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View Diary: What you should know about health insurance industry lobbyists and their lies (276 comments)

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  •  Thanks (0+ / 0-)

    I really appreciate the extended discussion. I think we're pretty much in agreement. I completely agree with your goal:

    We need to be clear that what we want is open access to health care for everyone that is paid for through taxes.

    But I still don't see that you've addressed my question of why not focus on the health care that is available to everyone that is paid for by taxes instead of the insurance that is not. Your VA example is another good one that I hadn't thought of. That's exactly the kind of thing I'm talking about that doesn't get discussed in all of the focus on expanding insurance coverage.

    •  I have addressed your question regarding EMTALA (0+ / 0-)

      if this is what you're referring to when you discuss "health care that is available to everyone that is paid for by taxes."  Perhaps this quote from Wiki will summarize EMTALA in this regard more clearly and show that this is not "free" care that is paid for by federal taxes:

      The cost of emergency care required by EMTALA is not directly covered by the federal government. Because of this, the law has been criticized by some as an unfunded mandate.[4] Similarly, it has attracted controversy for its impacts on hospitals, and in particular, for its possible contributions to an emergency medical system that is "overburdened, underfunded and highly fragmented".[5] More than half of all emergency room care in the U.S. now goes uncompensated. Hospitals write off such care as charity or bad debt for tax purposes. Increasing financial pressures on hospitals in the period since EMTALA's passage have caused consolidations and closures, so the number of emergency rooms is decreasing despite increasing demand for emergency care.[6] There is also debate about the extent to which EMTALA has led to cost-shifting and higher rates for insured or paying hospital patients, thereby contributing to the high overall rate of medical inflation in the U.S.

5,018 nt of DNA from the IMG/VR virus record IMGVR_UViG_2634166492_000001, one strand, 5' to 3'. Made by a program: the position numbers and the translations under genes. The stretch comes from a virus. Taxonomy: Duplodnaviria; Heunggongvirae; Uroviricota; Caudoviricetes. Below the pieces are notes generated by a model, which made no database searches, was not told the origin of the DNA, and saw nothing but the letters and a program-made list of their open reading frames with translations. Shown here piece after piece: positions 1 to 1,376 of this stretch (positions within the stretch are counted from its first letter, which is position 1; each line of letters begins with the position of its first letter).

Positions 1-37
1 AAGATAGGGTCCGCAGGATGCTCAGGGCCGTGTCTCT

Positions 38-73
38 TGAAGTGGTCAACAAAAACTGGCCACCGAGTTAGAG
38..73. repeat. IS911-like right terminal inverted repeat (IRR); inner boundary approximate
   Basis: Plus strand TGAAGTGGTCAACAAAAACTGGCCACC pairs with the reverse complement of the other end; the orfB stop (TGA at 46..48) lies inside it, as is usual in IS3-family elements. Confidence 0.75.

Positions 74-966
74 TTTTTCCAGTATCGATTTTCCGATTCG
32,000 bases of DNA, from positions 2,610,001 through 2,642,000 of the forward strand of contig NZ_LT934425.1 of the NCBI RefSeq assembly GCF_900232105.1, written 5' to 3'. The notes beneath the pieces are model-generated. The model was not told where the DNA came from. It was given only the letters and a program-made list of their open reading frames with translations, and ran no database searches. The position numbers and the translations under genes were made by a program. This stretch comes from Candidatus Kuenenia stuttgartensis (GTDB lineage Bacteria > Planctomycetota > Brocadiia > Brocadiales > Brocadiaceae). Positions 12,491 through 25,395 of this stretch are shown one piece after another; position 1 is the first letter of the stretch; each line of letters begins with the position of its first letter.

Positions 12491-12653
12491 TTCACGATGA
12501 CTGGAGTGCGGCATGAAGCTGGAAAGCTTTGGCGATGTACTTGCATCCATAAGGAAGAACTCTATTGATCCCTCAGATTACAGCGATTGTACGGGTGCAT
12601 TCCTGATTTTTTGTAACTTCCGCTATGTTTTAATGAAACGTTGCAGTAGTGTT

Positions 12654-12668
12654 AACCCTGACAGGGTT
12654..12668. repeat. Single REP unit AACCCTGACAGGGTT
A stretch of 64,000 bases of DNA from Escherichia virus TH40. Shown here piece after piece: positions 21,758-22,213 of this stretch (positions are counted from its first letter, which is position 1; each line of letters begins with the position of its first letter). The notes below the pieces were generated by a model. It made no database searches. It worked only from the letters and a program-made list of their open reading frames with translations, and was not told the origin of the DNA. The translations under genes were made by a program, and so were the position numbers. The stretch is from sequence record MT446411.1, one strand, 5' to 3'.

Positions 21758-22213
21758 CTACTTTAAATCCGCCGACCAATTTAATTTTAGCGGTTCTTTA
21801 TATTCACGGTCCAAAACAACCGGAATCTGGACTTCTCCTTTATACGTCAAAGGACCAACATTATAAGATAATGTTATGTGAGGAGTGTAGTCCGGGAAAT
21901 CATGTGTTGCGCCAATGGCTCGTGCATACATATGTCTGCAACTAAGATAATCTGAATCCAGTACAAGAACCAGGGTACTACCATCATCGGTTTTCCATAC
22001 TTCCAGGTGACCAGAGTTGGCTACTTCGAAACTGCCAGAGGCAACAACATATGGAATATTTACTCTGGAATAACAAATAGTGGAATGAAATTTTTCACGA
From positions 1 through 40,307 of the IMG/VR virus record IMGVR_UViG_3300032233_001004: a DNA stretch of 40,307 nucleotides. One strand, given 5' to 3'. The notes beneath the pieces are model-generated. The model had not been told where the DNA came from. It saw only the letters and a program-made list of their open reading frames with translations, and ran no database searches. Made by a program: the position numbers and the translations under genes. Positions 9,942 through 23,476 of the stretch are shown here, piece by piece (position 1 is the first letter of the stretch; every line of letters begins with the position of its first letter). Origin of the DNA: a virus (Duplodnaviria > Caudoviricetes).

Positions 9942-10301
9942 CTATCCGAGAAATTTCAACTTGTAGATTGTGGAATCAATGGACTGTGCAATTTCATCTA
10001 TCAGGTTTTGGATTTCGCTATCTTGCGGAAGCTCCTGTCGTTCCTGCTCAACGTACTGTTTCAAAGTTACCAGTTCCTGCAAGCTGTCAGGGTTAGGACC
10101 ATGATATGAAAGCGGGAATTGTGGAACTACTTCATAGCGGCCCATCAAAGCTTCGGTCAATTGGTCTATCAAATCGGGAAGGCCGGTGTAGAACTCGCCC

If you read that quote you see that what EMTALA really does is force hospitals to provide emergent care, charge the patient for that care, and then write off the debt if the patient cannot pay.  This has resulted in a net decrease in the availability of emergency care which was an unanticipated outcome of EMTALA.  

      EMTALA is not a model for national health care - it is a model for an unfunded mandate that has had serious detrimental effects on the health care system.

      If instead we focus on the VA as a source of care that is available to everyone that is paid for by taxes then we run into a couple of problems IMO:

      1. The VA system, fairly or not, has been badmouthed to the point where many people think of it as a bad thing rather than a good thing.
      1. The VA system itself is a "perk" given for military service that often puts individuals in harm's way and so, philosophically speaking, is not quite the same as providing free care to a larger class of individuals many of whom are not risking their life for their country.  In this sense, the VA can be seen as a reward for being willing to make the ultimate sacrifice for one's country and doesn't serve well as a model for providing care to our weakest, least able citizens.

      I think the best focus is similar to what ncyeve is doing in this diary.  This focus is on how private profit-driven insurance is decimating our health care system, leaving millions without coverage, costing the system enormous amounts of money for ever-increasing paperwork, and taking money paid into the system as profit while providing no care.

      This focus needs to be expanded to address how insurance plans themselves cause needless paperwork, headaches for patients, and extra cost.

      This would be a good start.  

      "The time for justice is always right now!" - Samantha Booke, Wiley College debate team, 1935

      by Edgewater on Mon Jan 26, 2009 at 04:30:38 PM PST

      [ Parent ]

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